Richard Parry assesses the implications of the GE2017 result for Theresa May and Nicola Sturgeon.
Theresa May is in a similar position to Nicola Sturgeon at Holyrood in 2016: she has lost her overall majority but is by a long way the largest party, no winning combination of other parties is credible, and she should be able to survive as a minority. Her UK vote share is 42.4%, the same as Margaret Thatcher in her two landslide wins of 1983 and 1987. May might wish to consult two of her fellow centre-right leaders - Malcolm Turnbull in Australia and Mariano Rajoy in Spain – about their techniques for clinging on to power in tight situations. It’s not clear that she really has the heart to do so.
Yesterday we were faced with eight pollsters suggesting Conservative winning margins between 5 and 13 points, and a lone outlier – Survation – suggesting a one point lead (it turned out to be two). As in 2015, this is something of a crisis for the commercial political polling industry. But, more than that, it challenges the ‘political classes’ into understanding better the possibility of an unexpected outcome and the forces that might promote it. What could be more natural than voting against a government that had not prevented terrorist attacks?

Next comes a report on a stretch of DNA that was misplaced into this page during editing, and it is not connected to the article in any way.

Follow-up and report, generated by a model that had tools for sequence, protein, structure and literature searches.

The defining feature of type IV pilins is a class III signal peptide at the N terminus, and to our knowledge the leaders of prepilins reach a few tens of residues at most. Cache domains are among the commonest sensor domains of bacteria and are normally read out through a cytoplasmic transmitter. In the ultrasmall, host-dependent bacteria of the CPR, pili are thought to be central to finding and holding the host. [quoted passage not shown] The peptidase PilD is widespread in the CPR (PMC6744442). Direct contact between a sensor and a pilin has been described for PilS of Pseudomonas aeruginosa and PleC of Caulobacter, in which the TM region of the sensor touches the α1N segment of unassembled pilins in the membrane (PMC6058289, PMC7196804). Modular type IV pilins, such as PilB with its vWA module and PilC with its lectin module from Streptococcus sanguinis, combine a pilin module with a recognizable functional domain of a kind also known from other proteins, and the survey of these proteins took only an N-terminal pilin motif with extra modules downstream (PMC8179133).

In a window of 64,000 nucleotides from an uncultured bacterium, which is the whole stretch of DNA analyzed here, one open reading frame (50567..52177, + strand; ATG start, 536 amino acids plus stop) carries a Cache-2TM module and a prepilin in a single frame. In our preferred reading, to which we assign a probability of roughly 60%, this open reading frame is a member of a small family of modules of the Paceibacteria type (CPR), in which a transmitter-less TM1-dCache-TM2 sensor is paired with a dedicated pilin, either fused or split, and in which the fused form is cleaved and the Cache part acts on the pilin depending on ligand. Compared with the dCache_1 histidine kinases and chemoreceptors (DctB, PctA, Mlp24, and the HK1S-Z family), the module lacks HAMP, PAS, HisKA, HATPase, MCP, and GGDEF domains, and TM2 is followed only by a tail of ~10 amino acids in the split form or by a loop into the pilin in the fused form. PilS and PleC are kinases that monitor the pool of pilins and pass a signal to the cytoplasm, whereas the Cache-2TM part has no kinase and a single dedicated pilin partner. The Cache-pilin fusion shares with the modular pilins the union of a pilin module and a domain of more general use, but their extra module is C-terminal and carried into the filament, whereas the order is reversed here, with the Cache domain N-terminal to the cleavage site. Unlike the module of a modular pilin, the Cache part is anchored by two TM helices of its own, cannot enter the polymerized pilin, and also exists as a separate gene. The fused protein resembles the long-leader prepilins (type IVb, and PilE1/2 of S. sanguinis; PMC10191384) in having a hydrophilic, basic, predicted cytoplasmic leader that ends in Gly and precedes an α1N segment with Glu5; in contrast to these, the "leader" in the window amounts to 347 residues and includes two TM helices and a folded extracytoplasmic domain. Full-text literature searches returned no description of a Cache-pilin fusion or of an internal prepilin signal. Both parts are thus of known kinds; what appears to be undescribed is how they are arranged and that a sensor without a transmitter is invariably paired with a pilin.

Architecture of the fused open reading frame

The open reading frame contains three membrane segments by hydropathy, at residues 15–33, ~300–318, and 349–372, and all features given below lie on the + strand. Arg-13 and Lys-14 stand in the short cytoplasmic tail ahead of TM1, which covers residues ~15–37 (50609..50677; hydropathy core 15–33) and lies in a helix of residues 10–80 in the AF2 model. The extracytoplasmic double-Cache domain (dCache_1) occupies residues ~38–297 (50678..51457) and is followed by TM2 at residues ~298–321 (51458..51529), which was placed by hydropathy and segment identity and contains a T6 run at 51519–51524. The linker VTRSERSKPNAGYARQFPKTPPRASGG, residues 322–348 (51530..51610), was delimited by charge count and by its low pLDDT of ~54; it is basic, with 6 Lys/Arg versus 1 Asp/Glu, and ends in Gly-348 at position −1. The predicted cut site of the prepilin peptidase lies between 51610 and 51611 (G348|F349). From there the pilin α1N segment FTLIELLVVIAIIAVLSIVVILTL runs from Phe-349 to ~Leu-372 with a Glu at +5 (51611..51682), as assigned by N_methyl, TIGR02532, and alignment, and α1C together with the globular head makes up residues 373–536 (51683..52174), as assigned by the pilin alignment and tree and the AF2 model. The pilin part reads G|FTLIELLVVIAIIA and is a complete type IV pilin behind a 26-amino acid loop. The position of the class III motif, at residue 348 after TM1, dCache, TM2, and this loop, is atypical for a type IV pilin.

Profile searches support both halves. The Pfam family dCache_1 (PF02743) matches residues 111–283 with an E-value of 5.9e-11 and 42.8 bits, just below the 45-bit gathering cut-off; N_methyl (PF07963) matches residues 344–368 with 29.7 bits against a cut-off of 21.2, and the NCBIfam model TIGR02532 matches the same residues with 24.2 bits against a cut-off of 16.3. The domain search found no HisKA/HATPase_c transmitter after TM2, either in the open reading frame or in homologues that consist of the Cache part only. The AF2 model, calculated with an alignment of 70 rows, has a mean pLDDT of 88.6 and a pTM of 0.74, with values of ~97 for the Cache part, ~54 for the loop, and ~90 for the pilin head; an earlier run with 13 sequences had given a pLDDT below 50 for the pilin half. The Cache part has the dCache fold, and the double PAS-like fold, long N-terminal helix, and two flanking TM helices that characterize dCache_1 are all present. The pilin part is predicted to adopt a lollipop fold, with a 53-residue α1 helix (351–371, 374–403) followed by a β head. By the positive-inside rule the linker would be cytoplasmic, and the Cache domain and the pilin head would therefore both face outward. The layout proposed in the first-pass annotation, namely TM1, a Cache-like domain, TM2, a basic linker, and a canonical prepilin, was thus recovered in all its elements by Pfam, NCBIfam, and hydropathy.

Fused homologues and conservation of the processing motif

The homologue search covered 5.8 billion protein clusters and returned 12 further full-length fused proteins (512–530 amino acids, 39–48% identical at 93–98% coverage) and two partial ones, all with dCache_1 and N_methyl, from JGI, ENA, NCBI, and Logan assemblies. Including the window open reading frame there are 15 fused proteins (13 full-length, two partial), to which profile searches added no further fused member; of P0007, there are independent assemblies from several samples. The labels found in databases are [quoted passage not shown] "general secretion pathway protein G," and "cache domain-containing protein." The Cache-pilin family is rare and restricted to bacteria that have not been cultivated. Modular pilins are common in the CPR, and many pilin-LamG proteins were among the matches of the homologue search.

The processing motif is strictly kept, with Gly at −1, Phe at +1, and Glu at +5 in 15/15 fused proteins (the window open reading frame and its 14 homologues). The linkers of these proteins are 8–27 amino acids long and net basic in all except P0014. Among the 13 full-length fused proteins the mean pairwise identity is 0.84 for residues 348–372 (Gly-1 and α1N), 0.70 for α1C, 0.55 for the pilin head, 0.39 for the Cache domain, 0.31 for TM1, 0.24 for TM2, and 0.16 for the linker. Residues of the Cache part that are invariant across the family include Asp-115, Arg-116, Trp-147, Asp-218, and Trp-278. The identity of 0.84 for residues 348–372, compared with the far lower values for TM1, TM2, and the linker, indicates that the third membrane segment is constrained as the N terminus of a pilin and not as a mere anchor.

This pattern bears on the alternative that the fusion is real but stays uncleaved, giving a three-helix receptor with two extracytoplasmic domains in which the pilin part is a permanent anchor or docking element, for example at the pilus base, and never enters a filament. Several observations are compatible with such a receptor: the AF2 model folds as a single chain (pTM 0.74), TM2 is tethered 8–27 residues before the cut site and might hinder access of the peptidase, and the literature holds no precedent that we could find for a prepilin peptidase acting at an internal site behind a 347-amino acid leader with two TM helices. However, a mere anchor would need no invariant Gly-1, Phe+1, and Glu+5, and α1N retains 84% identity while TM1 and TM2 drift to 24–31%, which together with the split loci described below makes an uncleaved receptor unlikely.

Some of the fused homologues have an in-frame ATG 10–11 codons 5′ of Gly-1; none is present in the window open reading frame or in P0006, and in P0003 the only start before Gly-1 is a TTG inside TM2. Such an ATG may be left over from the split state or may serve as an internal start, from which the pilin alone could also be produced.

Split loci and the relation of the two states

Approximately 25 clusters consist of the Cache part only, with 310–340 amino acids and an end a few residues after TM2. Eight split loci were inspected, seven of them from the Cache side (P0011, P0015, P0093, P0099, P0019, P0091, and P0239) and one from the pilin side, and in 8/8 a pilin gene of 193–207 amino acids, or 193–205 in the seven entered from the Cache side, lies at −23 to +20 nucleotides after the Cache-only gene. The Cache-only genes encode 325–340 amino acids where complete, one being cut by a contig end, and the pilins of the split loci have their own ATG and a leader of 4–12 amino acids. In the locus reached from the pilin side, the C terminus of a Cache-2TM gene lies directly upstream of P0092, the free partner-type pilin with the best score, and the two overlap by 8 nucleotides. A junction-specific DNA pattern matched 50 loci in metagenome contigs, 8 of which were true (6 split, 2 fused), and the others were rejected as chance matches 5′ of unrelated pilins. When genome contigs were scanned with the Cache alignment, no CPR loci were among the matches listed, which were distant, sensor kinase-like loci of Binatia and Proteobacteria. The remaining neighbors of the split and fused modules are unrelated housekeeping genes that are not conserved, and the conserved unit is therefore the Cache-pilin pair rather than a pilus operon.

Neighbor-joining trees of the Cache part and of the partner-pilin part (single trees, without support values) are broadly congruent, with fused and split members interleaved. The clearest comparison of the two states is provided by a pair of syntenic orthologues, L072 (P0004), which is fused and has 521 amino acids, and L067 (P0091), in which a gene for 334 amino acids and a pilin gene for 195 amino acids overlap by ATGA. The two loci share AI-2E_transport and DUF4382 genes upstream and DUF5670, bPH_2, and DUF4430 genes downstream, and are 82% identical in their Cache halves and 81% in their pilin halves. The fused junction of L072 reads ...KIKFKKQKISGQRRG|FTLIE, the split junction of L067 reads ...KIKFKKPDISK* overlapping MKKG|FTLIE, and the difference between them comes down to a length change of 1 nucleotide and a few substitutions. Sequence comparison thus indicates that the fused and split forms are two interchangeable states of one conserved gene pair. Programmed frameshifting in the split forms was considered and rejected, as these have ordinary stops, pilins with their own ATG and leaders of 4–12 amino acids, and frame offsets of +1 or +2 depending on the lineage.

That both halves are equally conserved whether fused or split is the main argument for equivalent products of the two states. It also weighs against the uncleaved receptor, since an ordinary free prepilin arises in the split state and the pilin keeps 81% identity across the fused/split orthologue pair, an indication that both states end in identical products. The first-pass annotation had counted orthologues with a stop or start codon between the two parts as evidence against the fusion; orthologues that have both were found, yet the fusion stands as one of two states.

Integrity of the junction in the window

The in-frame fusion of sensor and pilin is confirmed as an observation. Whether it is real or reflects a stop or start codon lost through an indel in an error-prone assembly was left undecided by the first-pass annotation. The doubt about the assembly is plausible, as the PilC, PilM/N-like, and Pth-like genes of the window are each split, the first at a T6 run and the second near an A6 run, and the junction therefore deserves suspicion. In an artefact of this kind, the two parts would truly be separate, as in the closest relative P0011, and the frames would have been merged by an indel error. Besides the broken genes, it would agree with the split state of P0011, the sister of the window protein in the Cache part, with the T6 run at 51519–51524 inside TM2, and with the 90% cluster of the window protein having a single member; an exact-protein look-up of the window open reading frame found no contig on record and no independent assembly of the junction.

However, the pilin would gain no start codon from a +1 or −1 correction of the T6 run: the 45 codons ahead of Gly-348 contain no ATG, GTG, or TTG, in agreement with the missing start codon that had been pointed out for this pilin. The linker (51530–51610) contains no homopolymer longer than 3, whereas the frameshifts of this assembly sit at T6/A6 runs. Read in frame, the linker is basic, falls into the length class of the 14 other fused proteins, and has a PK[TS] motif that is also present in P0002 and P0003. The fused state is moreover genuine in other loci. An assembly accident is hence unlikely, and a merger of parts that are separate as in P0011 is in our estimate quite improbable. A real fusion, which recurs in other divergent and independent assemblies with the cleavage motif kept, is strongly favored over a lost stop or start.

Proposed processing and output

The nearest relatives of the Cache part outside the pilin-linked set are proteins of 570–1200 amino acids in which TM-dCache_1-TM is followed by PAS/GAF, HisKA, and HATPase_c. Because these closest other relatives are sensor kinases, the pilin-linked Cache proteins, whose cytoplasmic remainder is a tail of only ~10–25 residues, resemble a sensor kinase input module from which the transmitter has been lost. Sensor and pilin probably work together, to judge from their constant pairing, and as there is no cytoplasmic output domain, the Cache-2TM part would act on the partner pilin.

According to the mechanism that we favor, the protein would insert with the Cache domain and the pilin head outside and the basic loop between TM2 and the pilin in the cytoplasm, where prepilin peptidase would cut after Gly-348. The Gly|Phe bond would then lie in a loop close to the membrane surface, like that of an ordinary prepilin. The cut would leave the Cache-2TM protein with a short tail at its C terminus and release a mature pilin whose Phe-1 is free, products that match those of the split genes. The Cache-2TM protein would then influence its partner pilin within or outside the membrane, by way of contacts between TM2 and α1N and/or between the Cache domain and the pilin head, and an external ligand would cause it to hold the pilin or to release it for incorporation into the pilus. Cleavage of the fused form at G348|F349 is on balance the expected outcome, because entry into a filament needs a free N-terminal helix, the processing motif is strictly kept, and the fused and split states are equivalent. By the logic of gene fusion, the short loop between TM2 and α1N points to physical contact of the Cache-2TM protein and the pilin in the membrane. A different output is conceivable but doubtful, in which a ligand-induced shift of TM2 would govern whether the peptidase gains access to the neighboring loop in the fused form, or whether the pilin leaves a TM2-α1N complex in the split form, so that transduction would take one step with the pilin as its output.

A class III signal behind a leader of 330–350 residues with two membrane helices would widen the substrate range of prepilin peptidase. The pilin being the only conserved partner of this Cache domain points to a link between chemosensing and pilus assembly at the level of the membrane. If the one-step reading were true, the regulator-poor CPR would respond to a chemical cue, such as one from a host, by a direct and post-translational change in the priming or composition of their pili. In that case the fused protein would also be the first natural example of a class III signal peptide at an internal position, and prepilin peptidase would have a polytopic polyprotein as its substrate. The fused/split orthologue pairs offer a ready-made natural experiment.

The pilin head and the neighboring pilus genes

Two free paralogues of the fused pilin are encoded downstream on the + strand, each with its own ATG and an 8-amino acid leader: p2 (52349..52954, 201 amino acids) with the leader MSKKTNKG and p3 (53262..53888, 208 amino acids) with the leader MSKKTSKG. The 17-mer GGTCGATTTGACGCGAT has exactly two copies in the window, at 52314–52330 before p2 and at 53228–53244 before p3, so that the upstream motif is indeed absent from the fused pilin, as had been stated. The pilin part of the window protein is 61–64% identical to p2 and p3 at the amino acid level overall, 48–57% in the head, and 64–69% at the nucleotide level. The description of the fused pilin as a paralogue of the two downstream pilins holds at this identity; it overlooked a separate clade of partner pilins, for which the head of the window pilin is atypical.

In Scotland, the night came down to Moray and Gordon: as in many previous elections when you lose a heavyweight it is politically painful and sticks in the memory. The departure of Angus Robertson and Alex Salmond severely depletes the SNP’s Westminster ranks, but in notable personal victories against the tide they were spared the loss of Stephen Gethins (by 2 votes, tying the all-time UK low majority record) and Joanna Cherry.
The SNP were reconciled to drifting down below 50 seats and 45% of the vote but the fall was sharper to 35 seats and 37%. All the Unionist parties gained seats and for the first time since 1992 the Conservatives delivered a strong constituency performance in areas long-forgotten as their old heartlands. It is tough for the SNP that May pulled down their recent mandate along with her own.
It was already apparent that the SNP were retreating into caution on a second independence referendum. Now they have the chance, that they may be relieved to take, to make it a distant possibility. Again they are a victim of UK politics as without the Brexit vote they would not have needed to address the issue in the present decade.
The 2017 election put Theresa May in the company of two former Conservative Prime Ministers, Stanley Baldwin in 1923 and Edward Heath in 1974, who called elections to get a personal mandate and lost them. Baldwin recovered later but Heath did not. May might go either way. Despite everything she has actually come out in first place today.